Seismic Topography

Seismic tomography is a technique for imaging the subsurface of the Earth with seismic waves produced by earthquakes or explosions. P-, S-, and surface waves can be used for tomographic models. The data received at seismometers are used to solve an inverse problem, wherein the locations of reflection and refraction of the wave paths are determined. This solution can be used to create 3D images of velocity anomalies which may be interpreted as structural, thermal, or compositional variations.

Tomography is solved as an inverse problem. Seismic travel time data are compared to an initial Earth model and the model is modified until the best possible fit between the model predictions and observed data is found. Seismic waves would travel in straight lines if Earth was of uniform composition, but the compositional layering, tectonic structure, and thermal variations reflect and refract seismic waves. The location and magnitude of these variations can be calculated by the inversion process, although solutions to tomographic inversions are non-unique.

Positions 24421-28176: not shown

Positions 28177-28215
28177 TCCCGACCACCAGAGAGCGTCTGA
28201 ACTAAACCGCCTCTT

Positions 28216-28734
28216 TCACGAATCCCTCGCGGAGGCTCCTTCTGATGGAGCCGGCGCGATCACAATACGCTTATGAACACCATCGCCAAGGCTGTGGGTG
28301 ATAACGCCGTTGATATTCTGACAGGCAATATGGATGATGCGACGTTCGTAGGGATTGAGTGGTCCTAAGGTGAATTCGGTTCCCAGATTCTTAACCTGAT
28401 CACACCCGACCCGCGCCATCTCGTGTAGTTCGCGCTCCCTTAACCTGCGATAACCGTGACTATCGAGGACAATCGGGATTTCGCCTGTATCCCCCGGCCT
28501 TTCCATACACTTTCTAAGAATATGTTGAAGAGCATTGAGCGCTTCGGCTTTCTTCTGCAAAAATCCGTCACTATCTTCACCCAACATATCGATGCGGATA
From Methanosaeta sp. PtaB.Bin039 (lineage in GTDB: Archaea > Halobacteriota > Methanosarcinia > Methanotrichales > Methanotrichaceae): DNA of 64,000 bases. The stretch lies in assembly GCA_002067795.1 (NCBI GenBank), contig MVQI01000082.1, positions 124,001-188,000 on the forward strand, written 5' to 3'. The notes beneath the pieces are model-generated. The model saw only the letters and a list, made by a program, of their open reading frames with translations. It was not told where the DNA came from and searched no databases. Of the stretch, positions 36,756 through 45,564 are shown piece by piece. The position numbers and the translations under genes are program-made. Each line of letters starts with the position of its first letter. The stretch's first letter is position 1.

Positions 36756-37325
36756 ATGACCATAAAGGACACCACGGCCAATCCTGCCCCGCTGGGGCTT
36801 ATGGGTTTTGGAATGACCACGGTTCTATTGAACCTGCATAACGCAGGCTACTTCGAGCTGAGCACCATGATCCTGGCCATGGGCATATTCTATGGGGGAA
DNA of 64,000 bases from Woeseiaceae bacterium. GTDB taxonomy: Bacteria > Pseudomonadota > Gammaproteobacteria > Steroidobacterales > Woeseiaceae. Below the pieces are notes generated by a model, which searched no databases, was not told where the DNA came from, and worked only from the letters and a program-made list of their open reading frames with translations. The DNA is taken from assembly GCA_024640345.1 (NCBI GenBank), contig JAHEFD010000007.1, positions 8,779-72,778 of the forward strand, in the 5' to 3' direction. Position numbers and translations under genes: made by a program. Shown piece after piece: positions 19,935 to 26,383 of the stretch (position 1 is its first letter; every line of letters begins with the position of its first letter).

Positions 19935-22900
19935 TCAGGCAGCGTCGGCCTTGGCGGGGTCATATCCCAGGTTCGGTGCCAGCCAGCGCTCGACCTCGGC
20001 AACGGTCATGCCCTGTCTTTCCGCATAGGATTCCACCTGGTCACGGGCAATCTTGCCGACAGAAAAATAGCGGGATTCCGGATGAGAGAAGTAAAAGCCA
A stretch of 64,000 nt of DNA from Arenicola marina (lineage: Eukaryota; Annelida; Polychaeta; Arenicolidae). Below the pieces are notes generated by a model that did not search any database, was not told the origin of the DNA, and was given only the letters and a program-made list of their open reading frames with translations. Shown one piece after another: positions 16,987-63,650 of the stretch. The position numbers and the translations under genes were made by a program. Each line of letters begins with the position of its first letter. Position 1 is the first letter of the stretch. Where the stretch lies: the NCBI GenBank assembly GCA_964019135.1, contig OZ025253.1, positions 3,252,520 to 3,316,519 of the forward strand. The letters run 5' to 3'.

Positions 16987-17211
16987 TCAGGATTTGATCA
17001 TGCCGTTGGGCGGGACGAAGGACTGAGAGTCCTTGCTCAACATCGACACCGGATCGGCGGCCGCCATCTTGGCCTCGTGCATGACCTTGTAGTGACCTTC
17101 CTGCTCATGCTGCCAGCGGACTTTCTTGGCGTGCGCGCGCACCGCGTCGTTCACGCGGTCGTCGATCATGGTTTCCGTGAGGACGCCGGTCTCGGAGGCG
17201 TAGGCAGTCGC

Seismic tomography is similar to medical x-ray computed tomography (CT scan) in that a computer processes receiver data to produce a 3D image. Seismic tomography has to deal with the analysis of curved ray paths which are reflected and refracted within the earth and potential uncertainty in the location of the earthquake hypocenter.

(text from wikipedia)

Simplified and interpreted P- and S-wave velocity variations in the mantle across southern North America showing the subducted Farallon Plate. from

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Last revision 11/15/2016